road completely. Apparently a kid has come round the bend carelessly,
forcing an old man to fall off his bike.

So in the future, I might prefer to take the multi-lane road where I can
go above 20 mhp and only need to brake for traffic lights, not for
recurring dangerous situations.

Rolf

Day 3: Blind junctions on bike trails- is it 'yield to the right' or
'yield when you enter the trail'? The 8-year old coming downhill from a
bridge at 10mhp doesn't even start to react when he sees a front wheel
from the right 1m ahead and yours truly stops his emergency braking as
soon as it's clear that the 60-year old entering the trail has stopped.
When a motor scooter needs the whole width of a 1.5m wide access trail
(pedestrian and bicycles only), at least the sight line is good enough
to accept 'might is right' and wait on the main trail until we can leave
the main trail.


Bike paths on 'school rush hours' are hell.

Lou
  #3  
Old September 19th 14, 08:07 AM posted to rec.bicycles.misc
Rolf Mantel
external usenet poster
 
Posts: 147
Default The joy of reverse commuting on bike trails - not

Am 19.09.2014 09:02, schrieb Lou Holtman:
Bike paths on 'school rush hours' are hell.


School rush hours in Germany are hell full stop. School kid have to be
in school at 08:00AM, nobody with a decent job has to be a work before
09:30 ;-)

Rolf
  #4  
Old September 19th 14, 01:21 PM posted to rec.bicycles.misc
Duane[_3_]
external usenet poster
 
Posts: 1,900
Default The joy of reverse commuting on bike trails - not

On 9/19/2014 2:11 AM, Rolf Mantel wrote:
Referenzen:


















[re-posted to rec.bicycles.tech end extended]
Am 16.09.2014 18:28, schrieb Joerg:
Bike lanes help a bit but a separated bike infrastructure is much better.


My son (8 years old) has now changed to a different school - the least
bad way of getting there is a 2-mile ride on trails and roads (almost)
closed to motor traffic, followed by a 8 mile train journey. For the
first few days I am accompanying him to the railway station.

The ride infrastructure is 'perfect': well surfaced road network 2 to 4m
wide (access roads to some allotments along the railway line) with a
bridsge closed to motor traffic in the middle to keep it car free.
Together with my son, it's a pleasurable ride taking just over 15 minutes.

However, the way back: my son gets on the train at 7:30, I would like to
be home before 7:45 so I can park the bike, kiss my wife good-bye and
still catch the 7:50 train to my work.

Day 1: my son's train was delayed a few minutes, so I wanted to do the 2
miles in 10 minutes.
- On one of the narrow 2-m wide parts, masses of school kids come the
other way. I need to ring my bell and slow down a lot until the kids
have sorted out a way of leaving a part of the trail for me.
- First right-turn onto a bridge. Doing a 120 turn on a narrow road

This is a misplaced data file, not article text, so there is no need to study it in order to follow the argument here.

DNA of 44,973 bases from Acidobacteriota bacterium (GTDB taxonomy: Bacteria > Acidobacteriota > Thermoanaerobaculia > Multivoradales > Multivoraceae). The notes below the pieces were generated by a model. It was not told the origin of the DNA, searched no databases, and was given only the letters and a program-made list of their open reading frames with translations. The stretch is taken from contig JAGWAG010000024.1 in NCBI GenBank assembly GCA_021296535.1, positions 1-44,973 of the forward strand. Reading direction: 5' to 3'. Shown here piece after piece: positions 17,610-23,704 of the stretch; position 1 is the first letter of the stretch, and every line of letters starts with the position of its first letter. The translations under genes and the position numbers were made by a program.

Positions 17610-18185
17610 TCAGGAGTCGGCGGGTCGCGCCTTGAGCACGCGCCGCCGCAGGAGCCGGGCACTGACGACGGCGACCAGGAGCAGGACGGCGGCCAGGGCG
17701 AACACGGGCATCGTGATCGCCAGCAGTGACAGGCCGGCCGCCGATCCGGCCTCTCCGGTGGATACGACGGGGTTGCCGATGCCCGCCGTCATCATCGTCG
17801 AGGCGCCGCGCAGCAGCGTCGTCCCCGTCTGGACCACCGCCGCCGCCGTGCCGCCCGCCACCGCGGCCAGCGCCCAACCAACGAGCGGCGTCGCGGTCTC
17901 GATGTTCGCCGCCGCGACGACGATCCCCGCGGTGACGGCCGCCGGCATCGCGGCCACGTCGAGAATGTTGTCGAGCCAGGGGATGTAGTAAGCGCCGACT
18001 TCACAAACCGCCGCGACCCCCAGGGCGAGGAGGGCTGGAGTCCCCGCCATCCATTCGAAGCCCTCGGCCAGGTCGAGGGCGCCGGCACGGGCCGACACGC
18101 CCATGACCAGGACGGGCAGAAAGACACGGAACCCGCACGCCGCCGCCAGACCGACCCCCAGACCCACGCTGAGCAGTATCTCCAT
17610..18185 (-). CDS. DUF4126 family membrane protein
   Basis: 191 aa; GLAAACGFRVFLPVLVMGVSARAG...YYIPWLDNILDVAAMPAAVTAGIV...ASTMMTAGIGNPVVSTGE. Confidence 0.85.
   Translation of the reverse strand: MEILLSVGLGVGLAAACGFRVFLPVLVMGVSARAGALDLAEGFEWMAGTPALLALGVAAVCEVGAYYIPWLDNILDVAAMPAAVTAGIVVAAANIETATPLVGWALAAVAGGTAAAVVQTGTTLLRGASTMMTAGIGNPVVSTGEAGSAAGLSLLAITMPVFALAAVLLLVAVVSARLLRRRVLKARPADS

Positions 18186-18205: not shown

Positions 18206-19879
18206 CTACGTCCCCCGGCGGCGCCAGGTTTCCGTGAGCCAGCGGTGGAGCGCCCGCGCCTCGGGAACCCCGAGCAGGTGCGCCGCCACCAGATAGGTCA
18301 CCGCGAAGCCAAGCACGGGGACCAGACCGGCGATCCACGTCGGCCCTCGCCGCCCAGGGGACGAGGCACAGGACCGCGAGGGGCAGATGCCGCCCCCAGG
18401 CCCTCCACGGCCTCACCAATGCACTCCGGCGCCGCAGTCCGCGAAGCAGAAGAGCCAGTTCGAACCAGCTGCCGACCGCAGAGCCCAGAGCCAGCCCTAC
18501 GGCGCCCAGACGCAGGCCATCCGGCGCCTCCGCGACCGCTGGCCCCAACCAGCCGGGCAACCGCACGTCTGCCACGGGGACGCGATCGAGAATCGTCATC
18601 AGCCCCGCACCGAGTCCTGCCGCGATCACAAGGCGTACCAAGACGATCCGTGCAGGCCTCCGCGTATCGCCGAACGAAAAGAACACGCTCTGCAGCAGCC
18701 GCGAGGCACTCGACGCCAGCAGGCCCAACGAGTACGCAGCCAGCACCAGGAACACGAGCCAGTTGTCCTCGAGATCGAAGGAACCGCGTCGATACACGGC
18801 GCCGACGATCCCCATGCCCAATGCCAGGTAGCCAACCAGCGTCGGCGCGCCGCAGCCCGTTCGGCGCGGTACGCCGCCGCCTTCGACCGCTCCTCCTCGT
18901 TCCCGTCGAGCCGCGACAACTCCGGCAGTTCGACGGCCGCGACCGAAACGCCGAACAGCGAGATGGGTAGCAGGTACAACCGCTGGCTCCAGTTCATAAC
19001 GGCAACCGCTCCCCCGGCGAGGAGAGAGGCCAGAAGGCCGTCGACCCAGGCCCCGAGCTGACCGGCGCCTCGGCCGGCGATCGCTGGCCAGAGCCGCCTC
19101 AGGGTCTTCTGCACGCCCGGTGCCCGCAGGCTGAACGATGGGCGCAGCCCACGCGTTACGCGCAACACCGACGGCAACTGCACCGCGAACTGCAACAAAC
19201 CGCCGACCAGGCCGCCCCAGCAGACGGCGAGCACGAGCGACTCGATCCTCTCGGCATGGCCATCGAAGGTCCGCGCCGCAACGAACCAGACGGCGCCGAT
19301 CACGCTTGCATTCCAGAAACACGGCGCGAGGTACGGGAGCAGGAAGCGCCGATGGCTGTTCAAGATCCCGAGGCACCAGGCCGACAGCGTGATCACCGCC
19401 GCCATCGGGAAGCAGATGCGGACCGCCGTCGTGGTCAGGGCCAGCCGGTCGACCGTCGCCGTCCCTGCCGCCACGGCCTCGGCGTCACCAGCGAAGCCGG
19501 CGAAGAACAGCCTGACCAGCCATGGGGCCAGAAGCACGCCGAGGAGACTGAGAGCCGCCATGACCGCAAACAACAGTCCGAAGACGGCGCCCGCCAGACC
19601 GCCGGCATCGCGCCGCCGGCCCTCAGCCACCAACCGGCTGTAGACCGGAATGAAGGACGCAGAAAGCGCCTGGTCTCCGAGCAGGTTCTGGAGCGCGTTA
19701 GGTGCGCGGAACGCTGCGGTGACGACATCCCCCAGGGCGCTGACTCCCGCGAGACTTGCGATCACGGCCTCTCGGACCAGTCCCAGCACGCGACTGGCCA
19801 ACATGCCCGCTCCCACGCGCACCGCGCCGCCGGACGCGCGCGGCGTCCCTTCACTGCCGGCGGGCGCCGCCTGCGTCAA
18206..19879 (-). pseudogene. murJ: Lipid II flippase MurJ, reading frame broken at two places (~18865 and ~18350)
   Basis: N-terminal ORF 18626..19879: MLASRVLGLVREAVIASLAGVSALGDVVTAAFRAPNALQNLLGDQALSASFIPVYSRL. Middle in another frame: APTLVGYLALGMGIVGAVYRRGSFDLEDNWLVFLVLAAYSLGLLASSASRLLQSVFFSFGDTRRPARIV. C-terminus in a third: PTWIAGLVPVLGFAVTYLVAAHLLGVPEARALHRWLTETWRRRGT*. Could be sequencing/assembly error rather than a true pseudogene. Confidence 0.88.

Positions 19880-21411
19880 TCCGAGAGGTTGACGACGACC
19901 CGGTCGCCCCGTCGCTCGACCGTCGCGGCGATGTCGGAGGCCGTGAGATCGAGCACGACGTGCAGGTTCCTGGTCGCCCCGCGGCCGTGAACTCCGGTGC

forces me to slow down anyways, but in the middle of the corner there's
a cyclist coming off the bridge on the left-most edge of the road. I
need to emergency brake to negotiate a wrong-side pass with that guy.
- Right-turn at the end of the car-free part into a residential road.
Again in the corner there is a cyclist cutting his left turn, and I need
to negotiate the wrong-side pass.

Day 2: Behind a slight bend I see a bike lying on the ground on the
left-hand side= Emergency brake. Indeed, hidden behind the bushes
there are two more cyclists standing with their bicycles to block the
road completely. Apparently a kid has come round the bend carelessly,
forcing an old man to fall off his bike.

So in the future, I might prefer to take the multi-lane road where I can
go above 20 mhp and only need to brake for traffic lights, not for
recurring dangerous situations.

Rolf

Day 3: Blind junctions on bike trails- is it 'yield to the right' or
'yield when you enter the trail'? The 8-year old coming downhill from a
bridge at 10mhp doesn't even start to react when he sees a front wheel
from the right 1m ahead and yours truly stops his emergency braking as
soon as it's clear that the 60-year old entering the trail has stopped.
When a motor scooter needs the whole width of a 1.5m wide access trail
(pedestrian and bicycles only), at least the sight line is good enough
to accept 'might is right' and wait on the main trail until we can leave
the main trail.



Yep, on my daily commute I have the option to take some separated bike
paths that are well made, good pavement and clean rather than the
street. When school is in these are pretty busy with school kids and I
mostly avoid them. On the other hand, during the summer no one uses
them when I'm going to the office and they are like the bike autobahn.